The best way to cut through the disinformation and scaremongering over sustainable ammo is to try it and make up your own mind, says Alasdair Mitchell
Last season, I was assured by a fellow wildfowling club member that the shotguns being used on sustainable ammo demonstration days had been wrecked by steel shot. Naturally, I checked this allegation. It proved to be false. (Read will your shotgun be safe with steel shot?)
Yet the same claim later found its way into the letters pages of Shooting Times, where the Editor challenged the letter writer to produce photographic evidence. Answer there came none.
How does this sort of fable get passed around and given credence? Unmoderated social media has a lot to answer for. On the other hand, social media — or, at least, a multiplicity of independent media sources — can also serve as a useful antidote to propaganda. Hence the reason why the Putin regime is attempting to exert tight control over what the Russian people are being told about the Ukraine invasion.
Disinformation can be laughable, annoying, or even deadly, but it is a fact of life. To be clear, I am not talking about differing opinions or interpretations; those have legitimacy in a free society. Even scientific opinion may be exactly that, albeit based on research. Confirmation bias, where you grasp at facts that happen to suit your argument, is rife. The problem comes when disinformation is used to scare people away from trying to assess matters for themselves. When that happens, the only thing you can do is attempt to rebut the worst scaremongering and hope that people will take future claims from the same source with a bucket of salt.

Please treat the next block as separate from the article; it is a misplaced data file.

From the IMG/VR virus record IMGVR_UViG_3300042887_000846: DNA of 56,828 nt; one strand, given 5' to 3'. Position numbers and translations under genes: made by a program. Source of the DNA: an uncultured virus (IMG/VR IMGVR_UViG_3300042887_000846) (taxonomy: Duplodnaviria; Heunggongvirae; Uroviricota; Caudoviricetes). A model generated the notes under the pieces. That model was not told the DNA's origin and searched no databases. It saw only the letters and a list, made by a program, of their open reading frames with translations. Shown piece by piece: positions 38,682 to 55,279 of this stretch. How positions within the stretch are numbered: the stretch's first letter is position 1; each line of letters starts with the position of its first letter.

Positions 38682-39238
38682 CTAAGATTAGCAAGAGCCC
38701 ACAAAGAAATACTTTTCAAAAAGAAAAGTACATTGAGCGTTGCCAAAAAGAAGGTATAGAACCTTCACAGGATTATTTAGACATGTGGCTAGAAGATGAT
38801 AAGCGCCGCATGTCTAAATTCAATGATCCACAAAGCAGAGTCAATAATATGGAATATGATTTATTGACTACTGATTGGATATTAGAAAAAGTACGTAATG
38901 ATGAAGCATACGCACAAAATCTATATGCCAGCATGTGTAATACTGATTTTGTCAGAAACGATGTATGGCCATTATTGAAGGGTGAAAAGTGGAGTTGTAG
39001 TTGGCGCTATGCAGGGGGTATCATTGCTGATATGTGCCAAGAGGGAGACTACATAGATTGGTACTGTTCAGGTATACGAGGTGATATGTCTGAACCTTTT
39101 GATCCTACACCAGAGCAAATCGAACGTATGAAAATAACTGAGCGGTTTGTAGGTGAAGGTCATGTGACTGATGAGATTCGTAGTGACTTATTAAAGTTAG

In this vein, I was interested to see Steve Bloomfield rebutting the claim that steel shot would “rip through the body tissue” of people subjected to medical scans. That sort of scaremongering really should devalue the currency of those who peddle it.For some, making increasingly outlandish allegations about non-lead ammunition seems to have become an obsession in its own right, regardless of any consideration of the future of shooting. They appear to be becoming increasingly desperate.
The myths about non-lead ammunition are steadily being debunked as people try it out. I have not used lead for my shotgunning nor deerstalking for three seasons now. Last year, I detailed how I had shot some of my most sporting pheasants ever with eco-wadded steel, fired safely through an English gun. As for stalking, I have found a copper/zinc factory round that actually works better than my old lead stuff.
Perhaps I am taking even greater care with shot placement these days but, whatever the cause, the results are impressive. I only wish I’d switched earlier.
Yet it doesn’t really matter what I say. You will have to work things out for yourself. If you are happy using lead, well, carry on. After all, no shooting organisation is campaigning to ban it. I no longer have to even wonder about lead toxicity. For my own shooting, the issue no longer exists. All I would say is this: find out for yourself. Attend a demo day or experiment with different copper ammunition in your deer or foxing rifle. Make up your own mind.